Just the other night, my husband and I were getting dinner ready in the kitchen and the 5 o’clock news broadcast was starting. Our five year old boys were within earshot when the reporter recognized that, “…today is the one year anniversary of a basement fire in Boston that killed two firefighters.” Immediately, our eyes locked and I quickly shuffled into the living room to change the channel while my husband, a 17 year veteran of the fire service, tried to distract the kids. We both paused for a moment in anticipation of the twenty questions that would surely follow. I was worried that our children had heard too much and their little minds were going to race with all kinds of possibilities. I was hoping they didn’t connect the dots that being a firefighter is dangerous, even deadly, and their daddy was at risk. Our kids are old enough to pick up on our moods, read our facial expressions, and hear the uncertainty in our voices so I was just hoping we didn’t tip them off.
Don’t get me wrong: Our boys are well aware that their daddy is a firefighter. In fact, they have visited the fire station more than most people will in an entire lifetime. They have climbed on every piece of equipment, hit the lights and sirens, and donned all the gear. They like to find their daddy’s locker in the equipment room and see their pictures hanging inside the door. And yet, despite all of the trips to HQ, it dawned on me that they actually don’t really know what he does. See, every time they see their daddy at work he is at the fire station, relaxed, and hanging with his group—a dozen friendly faces that know them well. They watch them wash the trucks, restock supplies, fix equipment, write reports, and have dinner together. They see Daddy looking sharp in his uniform and they cover his badge with their fingerprints.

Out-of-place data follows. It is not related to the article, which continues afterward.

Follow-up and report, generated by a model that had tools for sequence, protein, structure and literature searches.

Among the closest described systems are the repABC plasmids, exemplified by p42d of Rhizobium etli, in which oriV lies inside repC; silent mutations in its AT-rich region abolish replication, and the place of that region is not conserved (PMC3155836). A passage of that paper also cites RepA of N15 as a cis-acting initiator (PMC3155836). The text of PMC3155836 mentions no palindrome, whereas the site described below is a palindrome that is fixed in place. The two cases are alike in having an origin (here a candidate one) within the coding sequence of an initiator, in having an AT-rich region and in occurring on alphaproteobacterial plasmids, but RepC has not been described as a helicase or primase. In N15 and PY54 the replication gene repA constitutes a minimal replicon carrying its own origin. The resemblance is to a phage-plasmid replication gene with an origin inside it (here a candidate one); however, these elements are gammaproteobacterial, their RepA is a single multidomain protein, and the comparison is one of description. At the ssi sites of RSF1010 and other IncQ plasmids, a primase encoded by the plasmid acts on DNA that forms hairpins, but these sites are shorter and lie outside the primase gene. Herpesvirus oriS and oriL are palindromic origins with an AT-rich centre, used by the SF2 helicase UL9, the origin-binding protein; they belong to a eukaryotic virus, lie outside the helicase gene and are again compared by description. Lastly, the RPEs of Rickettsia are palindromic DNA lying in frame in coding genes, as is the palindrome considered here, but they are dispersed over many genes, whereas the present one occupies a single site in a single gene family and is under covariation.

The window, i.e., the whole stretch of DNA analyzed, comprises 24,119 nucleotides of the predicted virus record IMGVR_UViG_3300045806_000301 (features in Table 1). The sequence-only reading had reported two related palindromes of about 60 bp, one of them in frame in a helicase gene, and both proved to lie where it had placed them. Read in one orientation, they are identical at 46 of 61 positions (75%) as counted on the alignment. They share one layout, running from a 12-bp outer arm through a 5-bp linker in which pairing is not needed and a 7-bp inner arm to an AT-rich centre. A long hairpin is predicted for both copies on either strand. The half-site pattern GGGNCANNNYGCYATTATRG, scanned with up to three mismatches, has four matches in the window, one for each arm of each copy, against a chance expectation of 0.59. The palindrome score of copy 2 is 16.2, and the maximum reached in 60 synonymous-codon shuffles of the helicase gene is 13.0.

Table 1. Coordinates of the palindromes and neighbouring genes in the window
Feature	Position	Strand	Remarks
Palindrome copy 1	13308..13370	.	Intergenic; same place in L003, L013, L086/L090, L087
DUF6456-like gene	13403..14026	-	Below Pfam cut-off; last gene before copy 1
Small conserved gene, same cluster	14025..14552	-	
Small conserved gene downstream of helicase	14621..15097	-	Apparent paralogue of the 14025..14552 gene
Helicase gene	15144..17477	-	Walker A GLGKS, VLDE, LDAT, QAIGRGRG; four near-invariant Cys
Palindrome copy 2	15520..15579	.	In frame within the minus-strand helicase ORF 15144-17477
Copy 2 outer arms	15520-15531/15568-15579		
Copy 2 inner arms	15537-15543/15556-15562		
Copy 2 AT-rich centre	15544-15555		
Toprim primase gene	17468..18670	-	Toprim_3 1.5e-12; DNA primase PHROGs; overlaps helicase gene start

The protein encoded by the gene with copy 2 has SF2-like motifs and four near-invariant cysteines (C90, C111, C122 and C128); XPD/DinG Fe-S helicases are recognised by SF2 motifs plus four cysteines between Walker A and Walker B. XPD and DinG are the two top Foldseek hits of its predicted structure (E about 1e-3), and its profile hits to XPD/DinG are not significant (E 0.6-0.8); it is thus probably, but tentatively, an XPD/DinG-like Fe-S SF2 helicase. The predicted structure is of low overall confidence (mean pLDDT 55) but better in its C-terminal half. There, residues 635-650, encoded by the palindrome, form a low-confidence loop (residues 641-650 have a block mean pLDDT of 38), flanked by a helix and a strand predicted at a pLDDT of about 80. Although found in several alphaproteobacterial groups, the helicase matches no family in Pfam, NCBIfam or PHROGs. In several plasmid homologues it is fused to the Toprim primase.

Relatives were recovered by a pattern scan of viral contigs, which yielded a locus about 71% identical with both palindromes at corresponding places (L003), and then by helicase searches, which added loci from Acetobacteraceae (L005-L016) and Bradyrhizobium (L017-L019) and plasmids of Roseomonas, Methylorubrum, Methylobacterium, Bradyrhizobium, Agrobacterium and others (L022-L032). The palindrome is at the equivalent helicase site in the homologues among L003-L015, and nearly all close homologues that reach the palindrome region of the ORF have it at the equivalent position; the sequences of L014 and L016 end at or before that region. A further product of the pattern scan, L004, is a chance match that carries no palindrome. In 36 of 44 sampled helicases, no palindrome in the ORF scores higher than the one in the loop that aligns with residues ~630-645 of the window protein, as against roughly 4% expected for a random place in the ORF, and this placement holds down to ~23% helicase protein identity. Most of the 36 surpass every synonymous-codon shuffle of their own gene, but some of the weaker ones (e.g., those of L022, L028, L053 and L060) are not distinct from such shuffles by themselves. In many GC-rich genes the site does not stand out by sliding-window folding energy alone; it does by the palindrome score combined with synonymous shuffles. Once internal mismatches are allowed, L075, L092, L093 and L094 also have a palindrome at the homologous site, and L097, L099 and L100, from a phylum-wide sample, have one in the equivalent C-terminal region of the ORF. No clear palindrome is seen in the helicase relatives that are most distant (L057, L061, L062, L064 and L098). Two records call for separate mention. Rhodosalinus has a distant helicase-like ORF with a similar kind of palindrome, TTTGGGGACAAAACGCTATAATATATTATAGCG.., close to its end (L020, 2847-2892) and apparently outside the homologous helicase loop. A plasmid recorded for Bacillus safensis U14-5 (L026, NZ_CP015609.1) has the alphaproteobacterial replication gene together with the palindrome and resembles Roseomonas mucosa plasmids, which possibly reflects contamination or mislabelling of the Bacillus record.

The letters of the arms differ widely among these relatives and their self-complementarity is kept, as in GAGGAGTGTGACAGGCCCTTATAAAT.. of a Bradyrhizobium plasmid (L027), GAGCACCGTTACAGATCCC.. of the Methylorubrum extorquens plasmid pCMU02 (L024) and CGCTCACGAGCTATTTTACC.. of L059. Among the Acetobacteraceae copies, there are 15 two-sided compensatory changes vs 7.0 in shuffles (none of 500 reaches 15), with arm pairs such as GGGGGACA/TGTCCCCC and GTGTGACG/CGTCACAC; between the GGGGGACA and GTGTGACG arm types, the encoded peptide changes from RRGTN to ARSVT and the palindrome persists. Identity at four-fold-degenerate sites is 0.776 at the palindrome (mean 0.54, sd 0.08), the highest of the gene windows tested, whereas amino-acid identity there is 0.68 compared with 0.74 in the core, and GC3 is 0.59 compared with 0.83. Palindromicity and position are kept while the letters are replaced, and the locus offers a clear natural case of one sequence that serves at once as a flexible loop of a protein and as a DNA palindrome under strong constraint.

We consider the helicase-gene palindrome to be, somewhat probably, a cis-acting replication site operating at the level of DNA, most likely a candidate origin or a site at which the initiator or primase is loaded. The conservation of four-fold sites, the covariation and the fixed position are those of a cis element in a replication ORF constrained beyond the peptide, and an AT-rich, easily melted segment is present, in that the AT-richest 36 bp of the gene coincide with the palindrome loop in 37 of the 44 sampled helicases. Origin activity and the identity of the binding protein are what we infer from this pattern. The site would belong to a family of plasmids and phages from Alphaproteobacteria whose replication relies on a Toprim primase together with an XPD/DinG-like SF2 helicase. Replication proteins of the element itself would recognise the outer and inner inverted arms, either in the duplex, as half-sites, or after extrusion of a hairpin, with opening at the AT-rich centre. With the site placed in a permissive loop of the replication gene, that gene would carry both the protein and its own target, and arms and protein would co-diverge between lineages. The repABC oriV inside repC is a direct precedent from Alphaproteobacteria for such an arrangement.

What they see at the station is pretty consistent with the books they have read, too. All of their stories depict happy firefighters together at the firehouse or rushing to get someone’s kitty out of a tree. I’m pretty sure when they think about their daddy at work, they remember our many fun visits and think of him at the station.
"They have no idea how his pulse thumps on the side of his head when he makes life-or-death decisions. They have never seen him crawl on his hands and knees into a burning building or heard his air pack beep to beg for more air. They haven’t seen the black soot stains on his pillowcase and they don’t smell the smoke ooze from his pores for days after a fire. They don’t notice the dark circles under his eyes when he walks in the door after his shift."
Despite their familiarity with the fire department, I’m pretty sure they have no concept of what his job entails, or the inherent risks. They can’t feel his heart race when the tones blare at 3am or even begin to imagine the tension, the stress, or the chaos of an incident. In fact, I’m fairly certain they wouldn’t even recognize their own father’s voice over the radio taking command of a scene. They have no idea how his pulse thumps on the side of his head when he makes life-or-death decisions. They have never seen him crawl on his hands and knees into a burning building or heard his air pack beep to beg for more air. They haven’t seen the black soot stains on his pillowcase and they don’t smell the smoke ooze from his pores for days after a fire. They don’t notice the dark circles under his eyes when he walks in the door after his shift. All they see is their daddy, the friendly firefighter, and all they want to know is if he will play ball with them the minute he walks in the door.